Distinguished observers of business on the Web talk about where it's going and how to get there ahead of the crowd. Included in this discussion are Michael Kolowich, Michael Dertouzos, Patricia Seybold, Steven Telleen, Gordon Bell, Watts Wacker and Bob Metcalfe By Scott Kirsner"If you were responsible for developing the Web resource within an organisation, what changes would you be planning for over the next five to 10 years?"
That's the question that we put to seven highly regarded observers of business on the Web. These seers see many things, from the move to tiered pricing and the need for larger IS budgets, to a blurring of the line between internal and external communication, and the growth of Web-based conversations about a company's very soul. So read on, and enjoy the forecasts of the best and the brightest of Internet sages.
Case one: Michael Kolowich
Kolowich is the president and CEO of Individual (www.individual.com), an information provider that delivers customised industry news to corporate intranets and runs the consumer- oriented NewsPage.
One of the most important things to look at is how multiple classes of service are likely to develop and, in fact, must develop on the Internet to make it a truly useful, reliable resource.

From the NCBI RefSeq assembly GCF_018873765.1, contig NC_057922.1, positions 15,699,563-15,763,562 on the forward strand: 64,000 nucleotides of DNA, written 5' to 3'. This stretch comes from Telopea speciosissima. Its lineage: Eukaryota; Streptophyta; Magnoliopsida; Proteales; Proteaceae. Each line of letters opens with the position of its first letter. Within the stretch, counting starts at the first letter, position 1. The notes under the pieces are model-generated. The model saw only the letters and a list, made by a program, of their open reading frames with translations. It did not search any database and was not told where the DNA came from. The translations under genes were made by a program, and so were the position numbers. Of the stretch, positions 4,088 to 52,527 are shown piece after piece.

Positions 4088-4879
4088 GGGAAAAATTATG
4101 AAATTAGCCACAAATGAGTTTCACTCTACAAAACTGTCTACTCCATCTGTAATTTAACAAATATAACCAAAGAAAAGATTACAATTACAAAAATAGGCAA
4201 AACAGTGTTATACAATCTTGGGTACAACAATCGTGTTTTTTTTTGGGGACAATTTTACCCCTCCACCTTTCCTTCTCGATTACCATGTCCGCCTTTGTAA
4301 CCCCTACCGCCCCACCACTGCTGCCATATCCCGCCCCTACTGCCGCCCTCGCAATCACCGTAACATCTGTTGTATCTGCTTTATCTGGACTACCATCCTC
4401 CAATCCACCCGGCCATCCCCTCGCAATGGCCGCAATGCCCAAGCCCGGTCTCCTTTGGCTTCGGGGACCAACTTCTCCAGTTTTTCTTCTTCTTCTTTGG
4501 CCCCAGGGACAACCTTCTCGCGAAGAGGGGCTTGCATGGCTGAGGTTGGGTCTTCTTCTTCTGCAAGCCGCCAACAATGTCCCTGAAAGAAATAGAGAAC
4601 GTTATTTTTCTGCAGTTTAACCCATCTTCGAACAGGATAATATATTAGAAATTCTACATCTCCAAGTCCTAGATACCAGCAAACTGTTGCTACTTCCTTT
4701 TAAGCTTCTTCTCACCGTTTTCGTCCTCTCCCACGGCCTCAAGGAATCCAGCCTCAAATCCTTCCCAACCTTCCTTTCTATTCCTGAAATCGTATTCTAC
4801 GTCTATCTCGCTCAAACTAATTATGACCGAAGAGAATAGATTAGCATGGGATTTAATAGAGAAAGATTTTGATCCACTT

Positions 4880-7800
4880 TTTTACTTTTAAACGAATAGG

The traffic jams and the degradation in performance and reliability at certain hours of the day are well documented. In order for the Internet and the World Wide Web to be truly useful tools, service providers, content companies and customers need to work together on ways that take the wonderful, universal connectivity and standards of the Internet and apply to them the kind of high reliability, availability and performance that business customers need, demand and should be willing to pay for.
Right now, many companies are covering that by saying, "Gee, a lot of our applications need to be intranet applications and need to be on our site because that's the only way I can guarantee end-to-end reliability and availability." But I believe that we have to develop the notion of "virtual intranets" that make it possible to access information on remote servers so that it really feels like the server is on your company's premises.